Spills, egos and audience reactions

|| September 15, 2015

How much do audiences dislike politicians talking about themselves?

Enough to generate sympathy for Kevin Rudd and make him popular again. And that's no easy thing.

We're talking about the latest leadership change in Australian federal politics - the time when politicans, their egos and their dislike for each other dominates news.

These leadership battles increase viewing numbers and newspaper sales. I was in my fourth month as editor of The Courier-Mail in June 2010 when Julia Gillard toppled Kevin Rudd. We sold several thousand extra papers the next day - that doesn't sound like much but selling even a few hundred extra papers in this changing media era is rare.

And the visits to couriermail.com.au increased by the tens of thousands. But, does that mean people were impressed by the story playing out before them?


Compare these figures for Rudd. According to the Essential Poll, Rudd's approval rating in May 2010 - weeks before he was toppled - was 41 per cent against a disapproval rating of 47 per cent. So, a net result of -6.

By July 2013, weeks after he had regained the leadership, Rudd's approval rating was 50 per cent versus 35 per cent disapproval. So, a net positive of 15.

What had he done in that time?

He had become the focal figure for the disenchanted Australians fed up with political egos that they believed were focused more on their lot than the nation's lot. In other words, politicians talking about themselves. Audiences detest that regardless of the winners and losers in these fights.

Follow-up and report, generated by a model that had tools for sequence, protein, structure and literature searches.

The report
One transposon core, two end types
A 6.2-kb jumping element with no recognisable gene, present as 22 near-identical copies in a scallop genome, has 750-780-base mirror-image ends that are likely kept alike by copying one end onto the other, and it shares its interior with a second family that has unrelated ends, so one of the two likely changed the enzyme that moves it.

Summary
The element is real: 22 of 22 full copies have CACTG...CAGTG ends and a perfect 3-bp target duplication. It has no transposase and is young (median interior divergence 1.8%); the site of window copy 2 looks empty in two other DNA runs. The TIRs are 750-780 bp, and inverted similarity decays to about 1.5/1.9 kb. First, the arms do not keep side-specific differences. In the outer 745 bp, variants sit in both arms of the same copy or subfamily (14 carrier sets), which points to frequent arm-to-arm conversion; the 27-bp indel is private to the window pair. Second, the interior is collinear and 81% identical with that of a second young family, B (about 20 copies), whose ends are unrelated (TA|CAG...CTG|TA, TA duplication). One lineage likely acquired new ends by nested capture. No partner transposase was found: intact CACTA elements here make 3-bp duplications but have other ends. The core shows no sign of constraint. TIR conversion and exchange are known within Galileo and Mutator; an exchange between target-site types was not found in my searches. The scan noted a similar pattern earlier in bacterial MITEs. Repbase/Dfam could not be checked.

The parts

They lead their lives with more maturity, cooperation and goodwill than the political pack in Canberra. Most Australians don't particularly enjoy politics - they don't stand around at suburban gatherings talking about political leaders. But they are drawn to the fray when they see a prime minister knifed by their own for the third time in five years. It's hard to ignore when you go to bed with one person as prime minister and wake to find a new leader has taken over.

Malcolm Turnbull will have to deal with that fallout in the coming months after he brought down Tony Abbott. He will have the benefit of a quick bounce in opinion polls but this will be a longer game played before audiences that are more intelligent than most politicians believe.

Turnbull spoke yesterday of Abbott's failure to respect the people's intelligence. Turnbull is intelligent enough to know those audiences are awake to this new disposable culture of leadership. And it doesn't fill them with joy.

- Michael Crutcher